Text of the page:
West Virginia Auditor Glen Gainer III is being challenged for his seat by Republican Larry Faircloth.
- Gainer, 52, is a Democrat seeking election to a sixth term in office in 2012.
He is a Parkersburg native and a graduate of the University of Charleston.
After college, he managed a Wendy's restaurant before going on to work four years in the state treasurer's office. He moved on to the state Department of Energy for three years, and spent one year with the John Deere Co. before being elected auditor. He succeeded his father, Glen Gainer II, who served as auditor from 1977 to 1993.
Gainer said his experience sets him apart from Faircloth.
"I have served now for 20 years in the office. I think I have by far the greatest understanding not only of the office and how it works, but I also think I'm the right person to lead it as we move into the future - particularly in light of the implementation of not only a new statewide accounting system, but also a new human resources and payroll system and replacing the Department of Transportation's financial systems, he said."
His background in the private sector also is a plus.
"Going into this office, I had the opportunity to serve seven years on the other side as a user - the last three as the budget director for the Department of (Environmental Protection.) So I got to see how government works on both sides of the equation."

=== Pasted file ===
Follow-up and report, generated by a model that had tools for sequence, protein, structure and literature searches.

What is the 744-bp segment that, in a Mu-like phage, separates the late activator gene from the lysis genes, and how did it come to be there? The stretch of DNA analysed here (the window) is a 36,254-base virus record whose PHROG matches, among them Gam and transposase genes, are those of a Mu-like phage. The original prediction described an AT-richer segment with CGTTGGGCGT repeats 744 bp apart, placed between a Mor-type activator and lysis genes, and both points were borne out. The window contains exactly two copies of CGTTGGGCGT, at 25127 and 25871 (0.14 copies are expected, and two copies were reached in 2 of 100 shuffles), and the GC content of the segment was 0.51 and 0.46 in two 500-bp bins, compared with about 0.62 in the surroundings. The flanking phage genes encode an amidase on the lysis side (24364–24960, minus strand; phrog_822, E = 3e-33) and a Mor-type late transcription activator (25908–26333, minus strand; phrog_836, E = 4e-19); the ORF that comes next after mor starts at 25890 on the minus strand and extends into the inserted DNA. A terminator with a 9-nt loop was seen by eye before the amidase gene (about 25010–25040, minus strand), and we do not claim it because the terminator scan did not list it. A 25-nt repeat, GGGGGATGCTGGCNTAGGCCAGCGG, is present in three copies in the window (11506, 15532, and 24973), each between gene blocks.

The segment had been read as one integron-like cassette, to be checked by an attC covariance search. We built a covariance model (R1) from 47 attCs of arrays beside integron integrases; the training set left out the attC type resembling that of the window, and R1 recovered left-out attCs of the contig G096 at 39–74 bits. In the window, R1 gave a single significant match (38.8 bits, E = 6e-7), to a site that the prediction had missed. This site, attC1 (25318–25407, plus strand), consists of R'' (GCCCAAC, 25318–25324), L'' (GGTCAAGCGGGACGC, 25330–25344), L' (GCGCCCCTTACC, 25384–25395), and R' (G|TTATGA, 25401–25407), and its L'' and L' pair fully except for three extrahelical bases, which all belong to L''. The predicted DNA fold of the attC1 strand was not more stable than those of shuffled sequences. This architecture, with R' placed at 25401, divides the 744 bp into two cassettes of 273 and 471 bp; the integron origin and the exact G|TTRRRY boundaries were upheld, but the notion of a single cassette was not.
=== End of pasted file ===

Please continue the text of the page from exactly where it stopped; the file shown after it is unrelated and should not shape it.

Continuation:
- Faircloth, 64, of Berkeley County served in the West Virginia House Of Delegates from 1980-2004. He served on the following committees: judiciary; finance; rules; banking and insurance; and special investigations.
He attended Shepherd College, and holds a West Virginia real estate license. He has been the president of Larry V. Faircloth Realty since 1976.
"I will bring new ideas and a fresh face to the Auditor's Office," he said. "Nine out of 10 West Virginians do not understand what the Auditor's Office does. The most frequent question asked to me during this campaign is, "What does the auditor do?"
"My opponent, and his father before him, have held this office for 36 years, so it has become politics as usual. I offer the voters a new choice to ensure the transparency of the auditing process, with a commitment to make those audits fully public to the press and citizens of our state in a user-friendly way so that anyone can see where their tax dollars are being spent."
Along with a new face, he said his years in the Legislature and as a businessman prepared him for the post.
"With my 24 years of legislative experience, especially serving on special investigations, and my 36 years of business experience - in managing people, reviewing and paying bills, addressing overhead, and making payroll - I understand the workings of state government," he said. "Moreover, I have a firm knowledge of the role of the auditor's office, as well as all other state and local agencies that it is assigned to audit."